As a graduate student in anthropology at Columbia, Melissa S. Fisher decided to focus her research on a perhaps unlikely group—the first generation of women to establish themselves as Wall Street professionals. Wall Street Women (Duke University Press, 2012) is a reworking of her dissertation.
The women Fisher studied arrived on the Street in the 1960s, a time when female college grads were often being hired as secretaries and the glass ceiling was a skyscraper away. Women were by and large relegated to the role of support staff; about the most they could hope for, if they were mathematically trained, was to assist in converting the stock exchange’s punch cards to computer data. “Computer programming was, at the time, viewed as a female occupation. Women’s ‘natural’ feminine traits—being patient, detail-minded—were understood to make them ideal computer programmers.” (p. 37)
Almost all of the women who eventually moved up the corporate ladder started off as back-office researchers. (By the way, so did Muriel Siebert.) They were paid significantly less than their male counterparts, and they were not invited to participate in formal training programs. To learn their craft they were largely dependent on the willingness of male mentors. Outside of their firms, however, the women had a support network and an alternate training ground: the Financial Women’s Association of New York City, founded in 1956.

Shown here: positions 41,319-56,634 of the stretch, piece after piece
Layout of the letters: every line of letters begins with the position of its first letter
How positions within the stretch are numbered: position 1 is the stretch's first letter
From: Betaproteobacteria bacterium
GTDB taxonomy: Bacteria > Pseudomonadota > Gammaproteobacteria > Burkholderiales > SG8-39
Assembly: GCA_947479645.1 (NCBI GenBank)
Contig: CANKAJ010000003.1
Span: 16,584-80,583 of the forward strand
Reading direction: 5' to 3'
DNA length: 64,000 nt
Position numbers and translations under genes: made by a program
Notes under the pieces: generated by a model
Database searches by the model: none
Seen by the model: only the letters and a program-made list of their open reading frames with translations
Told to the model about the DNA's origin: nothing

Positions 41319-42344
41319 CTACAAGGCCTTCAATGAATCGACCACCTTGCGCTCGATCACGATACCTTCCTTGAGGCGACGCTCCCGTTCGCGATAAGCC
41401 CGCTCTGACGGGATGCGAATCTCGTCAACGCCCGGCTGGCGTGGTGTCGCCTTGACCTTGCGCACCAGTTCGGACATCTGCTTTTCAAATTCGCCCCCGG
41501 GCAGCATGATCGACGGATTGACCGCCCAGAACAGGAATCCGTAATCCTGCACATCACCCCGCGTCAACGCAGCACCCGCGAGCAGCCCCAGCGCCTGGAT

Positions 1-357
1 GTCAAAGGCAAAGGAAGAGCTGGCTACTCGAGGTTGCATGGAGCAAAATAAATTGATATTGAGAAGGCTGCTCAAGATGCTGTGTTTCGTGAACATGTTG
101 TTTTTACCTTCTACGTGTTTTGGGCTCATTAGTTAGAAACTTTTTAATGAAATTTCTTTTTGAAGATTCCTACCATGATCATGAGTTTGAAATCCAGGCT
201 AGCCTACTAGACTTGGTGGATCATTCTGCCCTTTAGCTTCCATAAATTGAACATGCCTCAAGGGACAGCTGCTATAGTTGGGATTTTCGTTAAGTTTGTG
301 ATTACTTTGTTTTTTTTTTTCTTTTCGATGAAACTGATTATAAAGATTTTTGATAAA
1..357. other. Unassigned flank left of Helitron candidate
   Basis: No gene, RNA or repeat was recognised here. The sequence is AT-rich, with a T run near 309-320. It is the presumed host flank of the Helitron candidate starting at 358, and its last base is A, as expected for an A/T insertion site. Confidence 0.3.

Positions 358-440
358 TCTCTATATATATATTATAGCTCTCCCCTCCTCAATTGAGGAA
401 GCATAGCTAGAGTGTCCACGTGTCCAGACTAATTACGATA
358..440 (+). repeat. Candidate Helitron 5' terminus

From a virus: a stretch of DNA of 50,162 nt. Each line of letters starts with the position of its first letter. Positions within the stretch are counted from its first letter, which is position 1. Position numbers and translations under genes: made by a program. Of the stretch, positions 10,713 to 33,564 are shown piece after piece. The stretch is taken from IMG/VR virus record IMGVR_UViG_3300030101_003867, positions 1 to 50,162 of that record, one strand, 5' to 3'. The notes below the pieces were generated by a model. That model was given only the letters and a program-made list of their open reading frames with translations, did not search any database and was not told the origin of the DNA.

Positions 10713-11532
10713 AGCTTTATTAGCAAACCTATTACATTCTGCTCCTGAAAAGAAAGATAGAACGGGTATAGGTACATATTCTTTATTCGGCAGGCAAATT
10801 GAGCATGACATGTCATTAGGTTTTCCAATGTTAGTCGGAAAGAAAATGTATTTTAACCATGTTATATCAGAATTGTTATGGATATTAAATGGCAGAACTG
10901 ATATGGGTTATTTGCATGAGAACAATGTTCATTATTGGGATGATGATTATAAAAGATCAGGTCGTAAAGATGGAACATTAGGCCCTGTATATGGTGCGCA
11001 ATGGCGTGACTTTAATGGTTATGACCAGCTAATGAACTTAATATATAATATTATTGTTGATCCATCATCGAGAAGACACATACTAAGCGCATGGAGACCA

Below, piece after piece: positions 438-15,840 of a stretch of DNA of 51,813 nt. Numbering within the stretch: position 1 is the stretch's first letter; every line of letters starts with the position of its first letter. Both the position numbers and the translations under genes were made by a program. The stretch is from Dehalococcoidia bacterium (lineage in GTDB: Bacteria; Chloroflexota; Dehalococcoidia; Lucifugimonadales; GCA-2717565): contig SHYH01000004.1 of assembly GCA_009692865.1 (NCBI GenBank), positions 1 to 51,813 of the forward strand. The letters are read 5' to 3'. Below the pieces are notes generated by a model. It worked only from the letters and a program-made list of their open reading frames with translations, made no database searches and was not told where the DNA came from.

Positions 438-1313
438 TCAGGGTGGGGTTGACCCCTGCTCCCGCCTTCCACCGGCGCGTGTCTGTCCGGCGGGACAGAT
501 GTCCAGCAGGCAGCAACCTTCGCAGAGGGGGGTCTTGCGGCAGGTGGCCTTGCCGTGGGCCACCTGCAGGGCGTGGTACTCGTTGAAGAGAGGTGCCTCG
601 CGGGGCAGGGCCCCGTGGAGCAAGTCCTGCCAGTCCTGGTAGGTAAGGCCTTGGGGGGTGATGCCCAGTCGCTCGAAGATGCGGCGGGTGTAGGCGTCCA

As time passed and Wall Street firms opened their doors to more women and minorities, the original group of women became more visible and successful, although of course none of them broke the ultimate glass ceiling. Nor did the women who followed them. We have only to think of the prominent women who were once considered potential CEO material, only to be summarily fired—Zoe Cruz, Erin Callan, Sally Krawcheck. Ina Drew is a different story, but nonetheless yet another blow to women’s aspirations.
Fisher’s book is not an account of Wall Street careers per se. The women share their often diverse feelings about feminism, politics, affirmative action, and the younger generation of women on the Street. Moreover, Fisher gives theoretical context to their careers by invoking such concepts as corporate neoliberalism and state-market feminism.
Fisher is torn when it comes to gender stereotypes. For instance, she admits that commonly accepted images of women—for instance, that they are risk averse—actually worked to the advantage of this initial cohort of women. When women stepped out of their traditional roles and opted to work in risk-oriented positions, “Wall Street treated them as the ‘anti-mothers’ of the professional-managerial class.” They “threatened the gendered order of firms as well as men’s agency and power.” (p. 98)
If there had been no financial crisis, Fisher would probably have unequivocally defended these “anti-mothers.” But times have changed. There are calls for a “feminization” of markets and for a more “caring” and “softer” capitalism. “Motherly women” have been “touted as the potential rescuers of the global economy.” “The biological system is being directly linked and mapped onto the financial system in strikingly gendered ways.” (p. 172)
Fisher embraces this vision of the future feminization of financial capitalism. I have my doubts, and worries. But then I guess I’m just a skeptical anti-mother.